Norris Christmas Traditions of Trickery & Deceit

December 5, 2014

It was one week before Christmas.  I was in third grade.  Seemingly out of nowhere, the teacher asked for a show of hands to determine how many students in the class still believed in Santa Claus.  I vividly remember my anxiety mounting as I looked one way, and then another, to see that no other hands were wavering in the air but my own.  I recall some grins, and even a few snickers.  The teacher smiled wryly at me.  “Michael,” she inquired, “why do you still believe in Santa Claus?”


Slowly, I lowered my hand.  “Because I talked to him on the phone.”


As a parent, my father was a bit of a creative deviant who perhaps enjoyed partaking in holiday trickery more than the children being tricked.  It was all in good fun, but my dad couldn’t have known the looming ramifications when he enlisted his buddy to play the role of Santa Claus on the other end of the phone in hope of talking me out of a particular gift on which my heart had been set.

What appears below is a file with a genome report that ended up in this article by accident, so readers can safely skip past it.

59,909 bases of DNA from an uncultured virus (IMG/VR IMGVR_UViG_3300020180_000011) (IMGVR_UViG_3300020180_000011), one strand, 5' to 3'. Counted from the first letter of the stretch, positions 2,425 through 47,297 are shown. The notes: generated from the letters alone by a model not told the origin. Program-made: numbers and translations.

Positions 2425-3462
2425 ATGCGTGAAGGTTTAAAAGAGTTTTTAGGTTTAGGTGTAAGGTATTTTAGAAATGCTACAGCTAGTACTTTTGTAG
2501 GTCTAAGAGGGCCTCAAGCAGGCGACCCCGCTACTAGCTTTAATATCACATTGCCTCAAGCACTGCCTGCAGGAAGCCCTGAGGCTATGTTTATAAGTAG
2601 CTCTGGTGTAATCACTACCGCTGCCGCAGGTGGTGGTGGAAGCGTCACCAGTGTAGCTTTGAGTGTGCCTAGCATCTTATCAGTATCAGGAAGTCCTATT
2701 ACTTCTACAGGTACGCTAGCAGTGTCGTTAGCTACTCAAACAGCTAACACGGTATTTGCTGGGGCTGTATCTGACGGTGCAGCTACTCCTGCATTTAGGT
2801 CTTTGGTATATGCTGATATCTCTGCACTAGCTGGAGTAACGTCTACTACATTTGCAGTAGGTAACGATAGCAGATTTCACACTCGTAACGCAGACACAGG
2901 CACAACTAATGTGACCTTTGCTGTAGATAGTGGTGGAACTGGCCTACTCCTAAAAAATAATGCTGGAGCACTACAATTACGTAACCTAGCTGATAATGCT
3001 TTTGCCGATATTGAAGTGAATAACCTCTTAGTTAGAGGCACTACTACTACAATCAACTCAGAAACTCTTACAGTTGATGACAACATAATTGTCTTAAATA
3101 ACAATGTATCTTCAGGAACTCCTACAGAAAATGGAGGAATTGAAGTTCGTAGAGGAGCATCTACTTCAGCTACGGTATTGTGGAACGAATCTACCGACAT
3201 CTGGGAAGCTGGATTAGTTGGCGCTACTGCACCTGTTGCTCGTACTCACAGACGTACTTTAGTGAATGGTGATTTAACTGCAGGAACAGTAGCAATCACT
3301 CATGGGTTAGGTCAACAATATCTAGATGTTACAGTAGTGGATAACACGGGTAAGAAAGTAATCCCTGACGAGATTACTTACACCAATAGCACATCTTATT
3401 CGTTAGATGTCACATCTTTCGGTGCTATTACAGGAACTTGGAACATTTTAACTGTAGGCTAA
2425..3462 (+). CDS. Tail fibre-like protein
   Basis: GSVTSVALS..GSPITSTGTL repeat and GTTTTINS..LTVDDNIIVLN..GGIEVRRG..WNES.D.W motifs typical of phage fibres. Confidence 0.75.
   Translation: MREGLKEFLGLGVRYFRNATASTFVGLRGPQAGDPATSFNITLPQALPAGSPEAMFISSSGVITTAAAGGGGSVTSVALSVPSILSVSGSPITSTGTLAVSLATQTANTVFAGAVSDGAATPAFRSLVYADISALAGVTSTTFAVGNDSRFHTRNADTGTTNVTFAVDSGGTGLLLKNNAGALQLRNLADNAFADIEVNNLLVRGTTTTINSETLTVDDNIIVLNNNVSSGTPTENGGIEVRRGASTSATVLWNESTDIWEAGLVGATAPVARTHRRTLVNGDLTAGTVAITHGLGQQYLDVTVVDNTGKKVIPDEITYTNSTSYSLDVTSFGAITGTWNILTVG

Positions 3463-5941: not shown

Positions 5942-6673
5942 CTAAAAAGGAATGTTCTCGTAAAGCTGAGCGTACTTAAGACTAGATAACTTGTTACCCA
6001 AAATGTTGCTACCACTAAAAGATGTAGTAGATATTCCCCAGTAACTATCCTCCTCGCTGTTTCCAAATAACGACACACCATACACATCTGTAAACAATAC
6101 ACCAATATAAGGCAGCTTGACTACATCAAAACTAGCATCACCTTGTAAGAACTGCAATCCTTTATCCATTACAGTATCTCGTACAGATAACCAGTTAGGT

It was the Bat Cave.


Back in the 70’s, there were no such things as “action figures.”  We had dolls.  Super heroes and G.I. Joes were all eight-inch dolls with removable clothing and even realistic hair that was sometimes glued to their squish-able heads, which was an unfortunate feature for the G.I. Joe from the Sea Wolf toy set, whose bristly hair and beard fell out in patches after a few weeks of nightly immersion in a bathtub, where he was pitted against a menacing rubber squid that circled his flooded submarine.  At the time, the campy Adam West version of Batman was still wildly popular, as well as the animated Hanna Barbara productions that aired on Saturday mornings, such as Batman and the Superfriends.  The year when the Bat Cave playset appeared on the scene was probably around 1979, and I was probably around seven or eight-years-old.  To the best of my recollection, the Bat Cave playset was a plastic base with molded computers and stalagmites that served as a foundation for a cardboard backdrop that was a printed screenshot of the actual Bat Cave, as it was portrayed on one of those popular shows.  For years, I’d been using cardboard boxes and Styrofoam packaging to create temporary models of Bat Caves that I’d store beneath my bed until such time as my mother grew tired of them and threw them out.  I was ready for the real deal.  The Bat Cave playset was finally available, and it was all that I wanted for Christmas.